Pramana

, Volume 65, Issue 5, pp 949–958 | Cite as

Structural, electrical and gas-sensing properties of In2O3 : Ag composite nanoparticle layers

  • B. R. Mehta
  • V. N. Singh
Article

Abstract

The central objective of this study is to investigate (i) size-dependent properties of In2O3 nanoparticles and (ii) the role of metal additives in enhancing the gas sensing response. For this purpose, In2O3 : Ag composite nanoparticle layers having welldefined individual nanoparticle size and composition have been grown by a two step synthesis method. Thermogravimetric analysis, X-ray diffraction and transmission electron microscopy have been used to study the effect of post-synthesis heat treatment on the size and structure of the nanoparticles. A first-time unambiguous observation of sizedependent lowering of transformation temperature has been explained in terms of lower cohesive energy of surface atoms and increase in surface-to-volume ratio with decrease in nanoparticle size. The gas sensing studies of In2O3 as well as the In2O3 : Ag composite nanoparticle layers have been studied as a function of size and composition. In2O3: Ag composite nanoparticle layers with 15% silver show a sensitivity of 436 and response time of 6 s for 1000 ppm of ethanol in air. Ag additives form a p-type Ag2O, which interact with n-type In2O3 to produce an electron-deficient space-charge layer. In the presence of ethanol, interfacial Ag2O reduces to Ag, creating an accumulation layer in In2O3 resulting in increased sensitivity

Keywords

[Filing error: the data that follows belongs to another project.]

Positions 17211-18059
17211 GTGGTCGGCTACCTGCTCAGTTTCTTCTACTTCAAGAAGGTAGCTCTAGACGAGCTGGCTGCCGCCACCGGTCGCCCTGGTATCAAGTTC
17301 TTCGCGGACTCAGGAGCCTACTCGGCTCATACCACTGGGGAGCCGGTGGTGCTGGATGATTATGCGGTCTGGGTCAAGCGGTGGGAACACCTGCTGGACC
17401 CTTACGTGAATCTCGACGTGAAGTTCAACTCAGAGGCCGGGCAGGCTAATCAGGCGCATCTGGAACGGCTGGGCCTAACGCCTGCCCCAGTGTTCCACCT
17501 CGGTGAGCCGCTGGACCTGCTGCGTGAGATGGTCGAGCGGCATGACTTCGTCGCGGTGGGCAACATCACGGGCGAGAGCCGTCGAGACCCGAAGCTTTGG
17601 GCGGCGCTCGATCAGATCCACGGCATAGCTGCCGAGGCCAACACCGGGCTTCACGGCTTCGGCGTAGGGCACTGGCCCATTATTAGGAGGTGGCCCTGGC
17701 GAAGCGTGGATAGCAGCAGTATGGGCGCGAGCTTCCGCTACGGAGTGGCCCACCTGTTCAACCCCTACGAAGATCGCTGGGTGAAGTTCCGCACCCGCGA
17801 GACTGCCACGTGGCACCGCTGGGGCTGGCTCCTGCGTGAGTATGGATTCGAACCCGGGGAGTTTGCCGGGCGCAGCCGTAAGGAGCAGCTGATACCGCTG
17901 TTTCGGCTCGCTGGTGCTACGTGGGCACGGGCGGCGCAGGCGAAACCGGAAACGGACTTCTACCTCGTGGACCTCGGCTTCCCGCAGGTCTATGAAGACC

In2O3 nanoparticles Ag nanoparticles gas sensor composite nanoparticles 

PACS Nos

07.07.Df 61.46.Df 61.46.-w 81.16.Be 

Preview

Unable to display preview. Download preview PDF.

Unable to display preview. Download preview PDF.

References

  1. [1]
    N Yamazoe,Sensors and Actuators B5, 7 (1991)Google Scholar
  2. [2]
    S Shukla, S Seal, L Ludwig and C Parish,Sensors and Actuators B97, 256 (2004)Google Scholar
  3. [3]
    V N Singh and B R Mehta,Jpn. J. Appl. Phys. 42, 4226 (2003)CrossRefADSGoogle Scholar
  4. [4]
    Y Shimizu, T Maekawa, Y Nakamura and M Egashira,Sensors and Actuators B46, 163 (1998)Google Scholar
  5. [5]
    V A Chaudhary, I S Mulla and K Vijayamohanan,Sensors and Actuators B55, 154 (1999)Google Scholar
  6. [6]
    A Diéguez, A Vilà, A Cabot, A Romano-Rodríguez, J R Morante, J Kappler, N Bârsan, U Weimar and W Göpel,Sensors and Actuators B68, 94 (2000)Google Scholar
  7. [7]
    J A Cobos,Metal additive distribution in TiO2 and SnO2 semiconductor gas sensor nanostructured materials, PhD Thesis (Department of Physics, Universitat de Barcelona, Spain, 2001) p. 34Google Scholar
  8. [8]
    V N Singh and B R Mehta,J. Nanosci. Nanotechnol. 5, 437 (2005)Google Scholar
  9. [9]
    A Thiel and H Lukmann,Z. Anorg Alloy Chem. 172, 353 (1928)CrossRefGoogle Scholar
  10. [10]
    P J Desre,Nanostruct. Mater. 8, 687 (1997)CrossRefGoogle Scholar
  11. [11]
    M Boulova and G Lucazeau,J. Solid State Chem. 167, 425 (2002)ADSGoogle Scholar
  12. [12]
    H Ogawa, A Abe, M Nishikawa and S Hayakawa,J. Electrochem. Soc. 28, 2020 (1981)CrossRefGoogle Scholar

Copyright information

© Indian Academy of Sciences 2005

Authors and Affiliations

  • B. R. Mehta
    • 1
  • V. N. Singh
    • 1
  1. 1.Thin Film Laboratory, Department of PhysicsIndian Institute of Technology DelhiNew DelhiIndia

Personalised recommendations